Still, he’s got a point – the walkers are dangerous. So when he comes back to the farm with the contraband guns and starts handing them out, we see Andrea, Daryl, T-Dog, and most importantly, Glenn take up arms with Shane. Maggie doesn’t even protest after talking to Glenn about her near-death experience. As they’re about to bust open the barn, Hershel and Rick come out the woods with their walkers, which is the final straw for Shane. He starts shooting one of the walkers and asking Hershel how they could possibly still be alive after hits like that before finally shooting the walker in the head, leaving Hershel shocked, confused and distraught in the dirt. While Rick has his hands full hanging on to the other walker, Shane busts open the barn and opens fire on the freed walkers. The others seem put off by his sudden burst of anger, but can’t help but fire when faced with a barrage of walkers that would certainly kill them all. They mow down the zombies as Rick screams in protest and Maggie holds Hershel as they both weep together. It’s an incredible scene as both father and daughter have to watch what they see as their friends and family mowed down one by one.
While they obviously are in pain, it makes you wonder if Glenn got through to Maggie, maybe this whole ordeal will get through to Hershel? Though there was mention of Fort Bennett and in my limited knowledge of the books, that’s the gang’s next destination. Plus, in the final moments of the episode, they lose one of their major motivations for staying: Sophia.
The last walker to emerge from the barn is a little girl with a rainbow on her blue shirt – it’s Sophia. And here’s where we understand Hershel’s attachment to these walkers. Sure, we saw Amy turned into a walker in Season 1, but this is a helpless little girl turned into a bloodthirsty zombie. It hits home a little harder. The scene draws Sophia’s walk towards them out as Carol sobs uncontrollably and Daryl holds her back. Little Carl’s previous stalwart hope – and notion that Shane’s lack of faith was “bullshit” – is put to the test when he sees his friend turned all brain-craving. Rick marches forward, fully aware of what he has to do and shoots the undead version of Sophia in the head in a determined, borderline satisfied, way. It’s a stark contrast to the first scene of the series in which Rick hesitates to shoot the little girl zombie who’s running at him full force. Shane may have thought Rick wasn’t meant for this world, but could it be possible that he’s getting there? He’s even wearing a darker shirt now…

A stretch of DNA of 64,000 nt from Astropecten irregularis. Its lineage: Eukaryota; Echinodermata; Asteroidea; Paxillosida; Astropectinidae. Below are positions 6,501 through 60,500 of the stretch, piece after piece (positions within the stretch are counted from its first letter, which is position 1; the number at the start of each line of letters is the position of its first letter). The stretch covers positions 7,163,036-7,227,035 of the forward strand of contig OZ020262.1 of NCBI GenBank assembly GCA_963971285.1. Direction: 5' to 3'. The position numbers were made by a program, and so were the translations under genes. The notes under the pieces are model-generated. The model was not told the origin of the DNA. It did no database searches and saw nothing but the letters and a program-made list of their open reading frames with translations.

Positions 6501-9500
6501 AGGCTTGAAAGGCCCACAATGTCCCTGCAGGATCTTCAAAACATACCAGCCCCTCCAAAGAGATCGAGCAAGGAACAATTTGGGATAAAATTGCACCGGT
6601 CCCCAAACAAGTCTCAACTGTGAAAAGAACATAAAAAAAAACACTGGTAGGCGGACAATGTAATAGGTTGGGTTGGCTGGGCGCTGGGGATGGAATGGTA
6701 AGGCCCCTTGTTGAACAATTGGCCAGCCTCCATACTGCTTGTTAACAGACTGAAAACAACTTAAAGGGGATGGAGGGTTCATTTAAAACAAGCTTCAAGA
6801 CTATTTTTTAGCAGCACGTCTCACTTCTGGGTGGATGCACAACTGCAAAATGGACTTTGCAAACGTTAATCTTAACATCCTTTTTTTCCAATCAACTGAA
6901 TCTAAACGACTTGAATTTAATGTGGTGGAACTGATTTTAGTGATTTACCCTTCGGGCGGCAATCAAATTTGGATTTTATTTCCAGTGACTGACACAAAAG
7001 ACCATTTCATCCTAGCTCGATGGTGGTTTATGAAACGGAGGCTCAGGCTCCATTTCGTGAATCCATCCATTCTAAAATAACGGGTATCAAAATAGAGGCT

The episode didn’t leave us with too many questions – in all likelihood, this little incident just earned Rick and crew a one-way ticket away from Hershel’s farm, though it does make us wonder what will eventually happen to Lori’s baby – but it certainly showed us what the series is capable of, and that’s the reason it will be so hard to wait until February for more episodes. Say what you will about the pace, but these writers certainly know how to build to a hell of an emotional, stirring end.